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Ultrasound Shows Congenital Heart Defect
Yes: Most important congenital heard defects can be detected by fetal ultrasound. The person (doctor or sonographer) needs to have a certain amount of training and expertise to make sure all of the appropriate images are obtained. Plus the physician (perinatologist or pediatric cardiologist) who is interpreting the images needs to have a full understanding of congenital heart disease. ...Read moreSee 1 more doctor answer
An ultraound, also known as a sonogram, is a painless and relatively inexpensive imaging test that utilizes sound waves instead of ionizing radiation. There are no side effects. Ultrasound can give us two-dimensional, and in some applications three-dimensional, images of structures and organs in virtually any part of the body. In addition to diagnostic uses, such as evaluating abnormalities in the abdomen, pelvis, and breast, ultrasounds are commonly used to guide needle and catheter placement in a variety of surgical ...Read more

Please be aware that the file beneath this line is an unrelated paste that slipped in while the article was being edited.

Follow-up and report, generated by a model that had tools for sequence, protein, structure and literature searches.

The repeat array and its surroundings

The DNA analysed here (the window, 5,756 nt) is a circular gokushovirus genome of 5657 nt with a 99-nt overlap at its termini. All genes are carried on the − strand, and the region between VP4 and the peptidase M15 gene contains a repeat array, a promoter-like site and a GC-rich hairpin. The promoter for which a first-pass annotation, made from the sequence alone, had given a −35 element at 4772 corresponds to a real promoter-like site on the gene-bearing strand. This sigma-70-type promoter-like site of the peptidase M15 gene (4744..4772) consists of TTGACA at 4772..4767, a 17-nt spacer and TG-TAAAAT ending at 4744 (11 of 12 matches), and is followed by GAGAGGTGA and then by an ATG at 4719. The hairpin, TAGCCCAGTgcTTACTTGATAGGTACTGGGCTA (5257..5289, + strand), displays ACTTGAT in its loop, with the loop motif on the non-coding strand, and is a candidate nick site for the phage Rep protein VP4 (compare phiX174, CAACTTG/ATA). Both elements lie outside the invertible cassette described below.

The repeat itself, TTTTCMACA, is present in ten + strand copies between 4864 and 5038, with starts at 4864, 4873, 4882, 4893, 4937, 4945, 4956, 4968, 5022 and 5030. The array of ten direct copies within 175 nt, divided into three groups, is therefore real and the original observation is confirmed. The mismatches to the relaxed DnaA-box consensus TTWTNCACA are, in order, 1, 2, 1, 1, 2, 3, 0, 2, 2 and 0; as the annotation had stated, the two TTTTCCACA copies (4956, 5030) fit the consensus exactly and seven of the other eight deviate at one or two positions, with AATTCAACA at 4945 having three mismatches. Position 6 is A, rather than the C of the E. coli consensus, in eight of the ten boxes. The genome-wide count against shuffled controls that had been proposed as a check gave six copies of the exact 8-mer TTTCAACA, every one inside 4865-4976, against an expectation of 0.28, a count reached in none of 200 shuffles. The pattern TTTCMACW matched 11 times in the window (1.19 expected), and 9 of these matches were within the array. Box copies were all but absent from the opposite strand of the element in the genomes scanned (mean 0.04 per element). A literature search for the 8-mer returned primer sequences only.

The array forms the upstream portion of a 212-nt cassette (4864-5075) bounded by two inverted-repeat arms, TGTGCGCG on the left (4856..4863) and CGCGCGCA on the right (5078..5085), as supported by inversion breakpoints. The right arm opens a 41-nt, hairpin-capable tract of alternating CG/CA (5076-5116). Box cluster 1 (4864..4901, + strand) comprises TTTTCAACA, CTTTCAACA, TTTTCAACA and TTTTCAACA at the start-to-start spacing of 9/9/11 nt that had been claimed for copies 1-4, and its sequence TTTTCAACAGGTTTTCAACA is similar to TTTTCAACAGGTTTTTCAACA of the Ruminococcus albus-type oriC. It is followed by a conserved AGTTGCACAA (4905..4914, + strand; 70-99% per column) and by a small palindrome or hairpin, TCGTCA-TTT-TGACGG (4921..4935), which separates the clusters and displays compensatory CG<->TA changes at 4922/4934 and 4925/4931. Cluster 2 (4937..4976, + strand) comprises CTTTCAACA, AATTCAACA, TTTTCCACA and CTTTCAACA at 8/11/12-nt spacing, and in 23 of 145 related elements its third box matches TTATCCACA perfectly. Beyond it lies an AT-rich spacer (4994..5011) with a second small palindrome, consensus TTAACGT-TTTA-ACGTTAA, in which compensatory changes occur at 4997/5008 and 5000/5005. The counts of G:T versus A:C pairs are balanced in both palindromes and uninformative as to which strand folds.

Www.thefetus.net.: Try the above website for many fetal anomalies, including cardiac lesions. ...Read more
Broad category: This label applies to some problems that self correct and some that need heart surgery. The specifics are defined by the defect. Have an evaluation done by the most qualifies source available. Once the information is in, a plan can be formulated. ...Read moreSee 1 more doctor answer
Born with it: It is a heart defect you are born with. It may be simple, moderate, or very serious. They include "holes in the heart", valve problems, malformed or absent chambers, valves, or blood vessels. Just under 1 % of all babies are born with some type of defect, often minor and temporary. They are usually diagnosed shortly after birth, occasionally much later. ...Read more
Depends on variables: There are a few syndromes with high frequency of specific heart defects that can have inheritance risk up to 50%. Most, however, are part of a complex inheritance pattern with around 5% risk.This 5% would include any pattern of congenital heart defect, not necessarily the same one. ...Read moreSee 1 more doctor answer
Some causes: Heredity some families have more than one generation with defects. Congenital syndromes such as Down syndrome, Holt-Oram, Trisomies 13 and 18. Smoking and alcohol abuse during pregnancy have been associated with heart defects. In most instances cause of heart defect not known. ...Read more
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